Sunday, June 21, 2015

Rundel: Poems for June 18

The Thing is, by Ellen Bass
Blood on the Wheel, by Juan Felipe Herrera (new US Poet Laureate)
An Irish Airman Foresees his Death, by W.B. Yeats
Prayer of a Man in Snow, by Israel Emiot (tranls. by Leah Zazulyer)
Wound of Faith, by Dane Gordon

I love a poem that touches me, and have the feeling that this poem, without any need for analysis or explanation, is telling me something I am so glad to hear. So it is with Ellen Bass' poem. How simple to say, "The thing is to love life..." but it wouldn't be believable for me without her set up of the first sentence winding down 5 lines. It's the delight of pausing on, "The Thing Is" -- and wondering, but what exactly is this thing, and how would I pin one major thought as "the thing" and then falling onto the first line, "to love life" which repeats, "to love it even" and then start the "when's". Three times, "when"... no stomach for it, when grief sits with you, when grief weights you... and the heaviness of grief also winds into textures of heat thickening, heaviness of water, into an "obesity of grief". Three times, the word grief. I love the last sentence, also wound into five lines. Love this poem, so effective in its 16 line package, reminding me of Kahil Gibran's metaphor of the heart being a cave carved out by sorrow, therefore, larger to fill up with joy.

But words like that lack credence is said too glibly, too easily. It's like a composition by a great composer. Sure we can isolate the tune, but it's the harmonies that tug at our heart.

I picked an older poem by our new US Poet Laureate, filled with anaphor, "Blood" (45 times, not counting three times, "Tiny blood", three times "It is blood time", "What blood", Only blood.
We discussed the voice -- the "how of the poem, if the overuse of the anaphor risks boring the reader, or if the idea of "boring" as in drilling a space, a hole, to force the reader to think about the price of blood, the pulse of each person's blood, the livingness of blood, the shedding of blood, the truth, violence, conflict of blood. If this poem were a painting,
I would see reds splashed in dramatic, chaotic lines, crossing the border with Martin Luther King leading the charge along with other brave voices that have the courage to speak.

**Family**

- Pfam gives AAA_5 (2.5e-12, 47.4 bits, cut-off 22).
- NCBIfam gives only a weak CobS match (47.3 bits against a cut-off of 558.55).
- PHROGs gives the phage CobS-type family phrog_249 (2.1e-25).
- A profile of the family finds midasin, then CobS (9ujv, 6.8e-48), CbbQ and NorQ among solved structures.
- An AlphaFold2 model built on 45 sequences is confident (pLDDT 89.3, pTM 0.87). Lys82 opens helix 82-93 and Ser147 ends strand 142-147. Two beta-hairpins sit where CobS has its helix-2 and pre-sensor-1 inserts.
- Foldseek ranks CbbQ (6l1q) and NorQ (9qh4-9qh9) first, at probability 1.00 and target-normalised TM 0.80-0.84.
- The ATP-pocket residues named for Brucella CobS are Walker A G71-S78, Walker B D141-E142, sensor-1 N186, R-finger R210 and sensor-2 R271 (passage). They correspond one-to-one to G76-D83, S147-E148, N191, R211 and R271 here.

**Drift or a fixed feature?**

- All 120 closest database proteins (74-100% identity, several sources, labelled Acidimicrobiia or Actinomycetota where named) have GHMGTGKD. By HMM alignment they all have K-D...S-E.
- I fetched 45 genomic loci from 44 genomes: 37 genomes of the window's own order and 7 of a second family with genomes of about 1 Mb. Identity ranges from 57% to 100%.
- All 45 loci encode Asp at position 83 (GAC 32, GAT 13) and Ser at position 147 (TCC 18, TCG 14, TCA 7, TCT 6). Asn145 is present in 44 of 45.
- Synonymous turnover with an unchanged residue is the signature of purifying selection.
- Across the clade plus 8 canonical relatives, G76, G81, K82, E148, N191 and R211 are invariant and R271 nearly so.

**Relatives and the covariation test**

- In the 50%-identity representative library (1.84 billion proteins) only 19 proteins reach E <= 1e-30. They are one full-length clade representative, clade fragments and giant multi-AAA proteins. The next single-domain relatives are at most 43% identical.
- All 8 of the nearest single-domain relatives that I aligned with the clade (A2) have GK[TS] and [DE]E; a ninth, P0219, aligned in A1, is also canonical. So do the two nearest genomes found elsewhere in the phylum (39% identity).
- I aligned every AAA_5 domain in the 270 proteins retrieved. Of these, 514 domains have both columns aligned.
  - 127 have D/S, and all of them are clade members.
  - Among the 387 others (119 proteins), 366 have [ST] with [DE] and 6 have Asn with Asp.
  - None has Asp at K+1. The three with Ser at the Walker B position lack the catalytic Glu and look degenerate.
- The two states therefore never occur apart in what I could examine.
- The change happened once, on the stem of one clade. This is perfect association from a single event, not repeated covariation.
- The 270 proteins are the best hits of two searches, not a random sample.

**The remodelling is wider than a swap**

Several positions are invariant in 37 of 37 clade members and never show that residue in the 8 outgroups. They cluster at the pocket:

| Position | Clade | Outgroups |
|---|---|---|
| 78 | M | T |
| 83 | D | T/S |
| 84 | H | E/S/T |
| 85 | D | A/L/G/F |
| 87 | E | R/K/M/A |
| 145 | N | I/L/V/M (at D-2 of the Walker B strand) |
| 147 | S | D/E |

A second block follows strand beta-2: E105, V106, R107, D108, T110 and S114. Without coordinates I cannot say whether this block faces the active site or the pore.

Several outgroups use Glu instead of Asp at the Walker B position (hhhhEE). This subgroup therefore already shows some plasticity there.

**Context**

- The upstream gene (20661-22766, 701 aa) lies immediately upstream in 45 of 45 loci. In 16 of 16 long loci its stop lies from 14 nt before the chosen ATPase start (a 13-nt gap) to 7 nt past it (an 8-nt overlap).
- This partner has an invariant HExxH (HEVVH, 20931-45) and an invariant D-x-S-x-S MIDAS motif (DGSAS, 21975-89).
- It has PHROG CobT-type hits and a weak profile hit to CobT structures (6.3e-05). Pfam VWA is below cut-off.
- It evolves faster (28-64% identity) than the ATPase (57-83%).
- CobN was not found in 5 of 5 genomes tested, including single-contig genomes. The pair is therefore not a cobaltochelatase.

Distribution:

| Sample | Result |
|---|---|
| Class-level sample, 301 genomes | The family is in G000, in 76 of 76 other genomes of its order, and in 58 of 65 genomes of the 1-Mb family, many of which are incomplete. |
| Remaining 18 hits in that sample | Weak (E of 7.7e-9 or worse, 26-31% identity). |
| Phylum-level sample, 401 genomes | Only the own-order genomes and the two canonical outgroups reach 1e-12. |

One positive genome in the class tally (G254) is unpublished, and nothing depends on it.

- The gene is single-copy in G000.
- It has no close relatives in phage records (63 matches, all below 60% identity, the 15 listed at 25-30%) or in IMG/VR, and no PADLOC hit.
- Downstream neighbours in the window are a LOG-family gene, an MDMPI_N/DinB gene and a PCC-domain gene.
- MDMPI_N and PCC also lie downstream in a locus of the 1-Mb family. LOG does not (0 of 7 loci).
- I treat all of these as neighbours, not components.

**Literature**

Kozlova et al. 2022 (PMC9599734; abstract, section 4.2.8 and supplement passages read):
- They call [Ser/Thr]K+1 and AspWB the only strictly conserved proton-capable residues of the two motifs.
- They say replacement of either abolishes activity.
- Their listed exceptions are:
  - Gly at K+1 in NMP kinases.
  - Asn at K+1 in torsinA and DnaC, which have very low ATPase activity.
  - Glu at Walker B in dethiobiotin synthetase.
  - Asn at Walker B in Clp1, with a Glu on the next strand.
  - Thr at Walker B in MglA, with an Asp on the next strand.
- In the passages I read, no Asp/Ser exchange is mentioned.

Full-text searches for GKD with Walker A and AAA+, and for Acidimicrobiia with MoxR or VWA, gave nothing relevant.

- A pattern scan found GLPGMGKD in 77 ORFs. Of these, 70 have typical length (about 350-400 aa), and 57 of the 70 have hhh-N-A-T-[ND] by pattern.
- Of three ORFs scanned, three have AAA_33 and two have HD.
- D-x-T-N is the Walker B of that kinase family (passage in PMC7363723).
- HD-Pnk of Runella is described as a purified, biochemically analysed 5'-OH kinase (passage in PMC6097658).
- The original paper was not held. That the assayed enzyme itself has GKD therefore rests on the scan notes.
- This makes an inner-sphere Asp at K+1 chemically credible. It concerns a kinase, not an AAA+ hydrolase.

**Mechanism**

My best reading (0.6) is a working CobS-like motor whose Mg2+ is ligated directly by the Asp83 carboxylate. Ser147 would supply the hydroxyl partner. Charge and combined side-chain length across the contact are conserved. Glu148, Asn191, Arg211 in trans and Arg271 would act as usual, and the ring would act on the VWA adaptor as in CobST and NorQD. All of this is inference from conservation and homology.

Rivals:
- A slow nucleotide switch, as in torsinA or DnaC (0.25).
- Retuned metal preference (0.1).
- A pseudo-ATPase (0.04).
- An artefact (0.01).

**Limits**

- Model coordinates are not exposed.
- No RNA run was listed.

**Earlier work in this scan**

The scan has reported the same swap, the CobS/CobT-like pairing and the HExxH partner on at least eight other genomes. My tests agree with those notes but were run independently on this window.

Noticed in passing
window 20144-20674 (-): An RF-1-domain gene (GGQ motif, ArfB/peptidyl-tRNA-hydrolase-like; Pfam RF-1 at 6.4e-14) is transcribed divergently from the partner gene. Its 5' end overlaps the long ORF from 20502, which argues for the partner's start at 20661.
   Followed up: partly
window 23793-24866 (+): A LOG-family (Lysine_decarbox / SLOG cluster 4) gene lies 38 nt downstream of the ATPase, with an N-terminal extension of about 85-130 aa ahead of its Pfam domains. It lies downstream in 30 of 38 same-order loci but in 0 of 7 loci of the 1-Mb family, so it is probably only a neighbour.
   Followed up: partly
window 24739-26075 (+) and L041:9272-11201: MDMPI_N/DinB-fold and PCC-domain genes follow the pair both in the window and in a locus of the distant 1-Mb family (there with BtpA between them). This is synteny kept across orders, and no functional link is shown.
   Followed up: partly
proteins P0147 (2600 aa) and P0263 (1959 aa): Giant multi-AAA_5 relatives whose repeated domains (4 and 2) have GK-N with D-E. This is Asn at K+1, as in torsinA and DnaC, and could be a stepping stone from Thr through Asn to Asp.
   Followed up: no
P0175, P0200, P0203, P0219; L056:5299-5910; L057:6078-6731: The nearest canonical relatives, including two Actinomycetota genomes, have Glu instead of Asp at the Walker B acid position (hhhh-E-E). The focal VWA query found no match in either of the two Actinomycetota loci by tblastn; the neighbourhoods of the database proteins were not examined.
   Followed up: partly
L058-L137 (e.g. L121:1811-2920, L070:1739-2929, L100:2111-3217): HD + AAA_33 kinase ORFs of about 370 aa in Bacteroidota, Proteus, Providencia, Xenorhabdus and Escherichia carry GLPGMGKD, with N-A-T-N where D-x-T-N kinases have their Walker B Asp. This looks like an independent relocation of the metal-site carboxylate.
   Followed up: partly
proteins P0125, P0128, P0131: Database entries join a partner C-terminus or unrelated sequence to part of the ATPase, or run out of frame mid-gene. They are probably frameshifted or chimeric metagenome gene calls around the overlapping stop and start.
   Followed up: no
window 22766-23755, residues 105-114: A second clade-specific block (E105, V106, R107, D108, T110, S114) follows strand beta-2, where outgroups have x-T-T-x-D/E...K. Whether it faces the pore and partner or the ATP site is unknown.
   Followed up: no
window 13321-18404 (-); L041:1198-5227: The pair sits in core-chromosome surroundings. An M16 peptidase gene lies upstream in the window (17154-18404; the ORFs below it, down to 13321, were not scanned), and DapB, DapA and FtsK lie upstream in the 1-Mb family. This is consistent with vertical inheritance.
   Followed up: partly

We concurred that the occasional rhyme seemed incidental and didn't interfere. If the repetition bothers us, perhaps the poem's strength is to push us to think about what we close our eyes to.

We read the Yeats, written a century ago, in the context of WW1, and voice of the Irish airman... which brought up other famous airmen poems. The close clip of the meter, the crossed rhyme keep emotion at bay like the airman, who suspends judgement about who he loves and hates,
the prophetic "waste of breath" of the years to come -- the pernicious waste of war, how human beings have always waged it, always will, the useless rhetoric around it offering explanation.

The Prayer of a Man in Snow, if read without a context, could lead to an understanding of a child, and obviate any sadness. However, knowing the suffering of Emiot in WW2, the gulag experience, the unjust persecutions, snow becomes the mask -- the whiteness being an erasure of life, an empty, unguided loneliness. How even numbers attach to snow, are replaced by it.
And what if your life were reduced to one, cold, isolated, sameness? I shiver at the power of this poem.

We ended with the title poem of Dane Gordon's new book, Wound of Faith.
One question for a poem like this, is how the eye and ear will work together, depending on the reader. The short lines do not ask to be read as enjambments, and depending on the reader could feel fragmented, jarring, or simply add a breathless quality to the ideas.
Indeed, we forget we made a decision... and here, I wish the poem would give us specifics, instead of staying in the speculative realm of philosophy. Is it the "wound" of faith -- or the branding of our decision about faith that marks us? In what way does faith wound?
What deep experience has the narrator had that brings about such a poem?

Hearing the poet read on Sunday, June 21, and again speak with the O Pen group in Pittsford on Monday, June 22, we found out that this title poem came from a couple who he counseled as they explored how to repair a relationship broken from the start. There was no way, except to end it, which they didn’t. Could their sorrows, wounds, quieten enough to hear voices they could not have heard early in our marriage? Such questions are universal, as we imagine the worst... the best... even a defining part of our life. Important questions such as, whether peace can solve death... Dane expects in a year or two he might write a sequel. The person who has wound or flaw is what attracts us. Gives us faith, possibility.

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